The most common Achilles tendon injuries are Achilles tendinosis and Achilles tendon rupture. Achilles tendinosis is the soreness or stiffness of the tendon, generally due to overuse. Achilles tendinitis (inflammation of the tendon) was thought to be the cause of most tendon pain, until the late 90's when scientists discovered no evidence of inflammation. Partial and full Achilles tendon ruptures are most likely to occur in sports requiring sudden eccentric stretching, such as sprinting. Maffulli et al. suggested that the clinical label of tendinopathy should be given to the combination of tendon pain, swelling and impaired performance. Achilles tendon rupture is a partial or complete break in the tendon; it requires immobilization or surgery. Xanthoma can develop in the Achilles tendon in patients with familial hypercholesterolemia.

Treatment of damage

Initial treatment of damage to the tendon is generally nonoperative. Orthotics can produce early relief to the tendon by the correction of malalignments, non-steroidal anti-inflammatory drugs (NSAIDs) are generally to be avoided as they make the more-common tendinopathy (degenerative) injuries worse[citation needed]; though they may very occasionally be indicated for the rarer tendinitis (inflammatory) injuries. Physiotherapy by eccentric calf stretching under resistance is commonly recommended, usually in conjunction with podiatric insoles or heel cushioning. According to reports by Hakan Alfredson, M.D., and associates of clinical trials in Sweden, the pain in Achilles tendinopathy arises from the nerves associated with neovascularization and can be effectively treated with 1–4 small injections of a sclerosant. In a cross-over trial, 19 of 20 of his patients were successfully treated with this sclerotherapy.[citation needed]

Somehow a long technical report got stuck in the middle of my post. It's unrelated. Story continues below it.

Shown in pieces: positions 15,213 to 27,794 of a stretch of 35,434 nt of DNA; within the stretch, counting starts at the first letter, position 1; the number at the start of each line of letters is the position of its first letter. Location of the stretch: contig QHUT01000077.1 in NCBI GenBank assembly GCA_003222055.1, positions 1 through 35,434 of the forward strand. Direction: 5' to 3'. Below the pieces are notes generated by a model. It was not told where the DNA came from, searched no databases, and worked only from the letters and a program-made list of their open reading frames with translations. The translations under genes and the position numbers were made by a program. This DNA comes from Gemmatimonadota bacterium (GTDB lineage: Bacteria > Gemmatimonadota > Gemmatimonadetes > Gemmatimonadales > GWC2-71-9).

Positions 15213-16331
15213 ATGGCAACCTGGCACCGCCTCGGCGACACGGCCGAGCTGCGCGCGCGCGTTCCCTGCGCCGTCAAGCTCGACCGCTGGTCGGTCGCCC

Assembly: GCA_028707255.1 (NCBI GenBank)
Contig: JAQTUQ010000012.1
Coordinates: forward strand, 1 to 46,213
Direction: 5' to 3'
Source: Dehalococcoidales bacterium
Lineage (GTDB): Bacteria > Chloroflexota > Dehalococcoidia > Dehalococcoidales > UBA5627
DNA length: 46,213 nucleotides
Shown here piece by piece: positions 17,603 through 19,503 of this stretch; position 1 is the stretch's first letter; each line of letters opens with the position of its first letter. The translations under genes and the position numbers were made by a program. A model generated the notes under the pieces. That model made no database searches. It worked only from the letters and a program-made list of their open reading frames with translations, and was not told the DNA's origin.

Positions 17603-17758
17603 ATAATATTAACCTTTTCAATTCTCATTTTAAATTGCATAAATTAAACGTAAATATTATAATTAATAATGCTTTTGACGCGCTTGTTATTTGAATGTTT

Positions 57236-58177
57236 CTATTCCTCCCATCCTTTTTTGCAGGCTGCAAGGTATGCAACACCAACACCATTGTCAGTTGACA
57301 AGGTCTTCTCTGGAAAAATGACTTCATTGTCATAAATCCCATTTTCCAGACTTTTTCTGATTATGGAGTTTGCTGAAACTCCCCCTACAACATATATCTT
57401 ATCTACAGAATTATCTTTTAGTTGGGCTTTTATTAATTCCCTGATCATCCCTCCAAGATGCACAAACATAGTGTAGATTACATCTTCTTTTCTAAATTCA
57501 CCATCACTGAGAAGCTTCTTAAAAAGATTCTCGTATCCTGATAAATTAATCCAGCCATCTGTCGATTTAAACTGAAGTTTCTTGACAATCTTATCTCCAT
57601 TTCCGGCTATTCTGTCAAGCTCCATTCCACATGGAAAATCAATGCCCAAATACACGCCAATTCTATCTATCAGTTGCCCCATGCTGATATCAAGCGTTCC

In a case where Achilles tendon rupture is concerned, there are three main types of treatment: the open and the percutaneous operative methods, and nonoperative approaches.

Depending on the severity of the injury, recovery from an Achilles injury can take up to 12–16 months.

Role in postural orientation

Bilateral Achilles tendon vibration in the absence of vision has a major impact on postural orientation.[1] Vibration applied to the Achilles tendon is well known to induce in freely standing subjects a backward body displacement and in restrained subjects an illusory forward body tilt.[2] The vibrations stimulate muscle spindles in the calf muscles. The muscle spindles alert the brain that the body is moving forward, so the central nervous system compensates by moving the body backwards.

References

  1. ^ Giddings VL, Beaupré GS, Whalen RT, Carter DR. (2000). Calcaneal loading during walking and running. Med Sci Sports Exerc. 32(3):627-34. PMID 10731005

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Wiktionary

Up to date as of January 15, 2010

Definition from Wiktionary, a free dictionary

Contents

English

Alternative spellings

Etymology

A calque of New Latin Achillis tendo, a term devised by the Dutch anatomist Philip Verheyden in 1693 in reference to the mythological account of Achilles being held by the heel when dipped in the River Styx

Noun

Singular
Achillestendon

Plural
Achilles' tendons

Achillestendon (plural Achilles' tendons)

  1. (anatomy) The strong tendon formed of the united tendons of the large muscles in the calf of the leg, an inserted into the bone of the heel.

Synonyms

Translations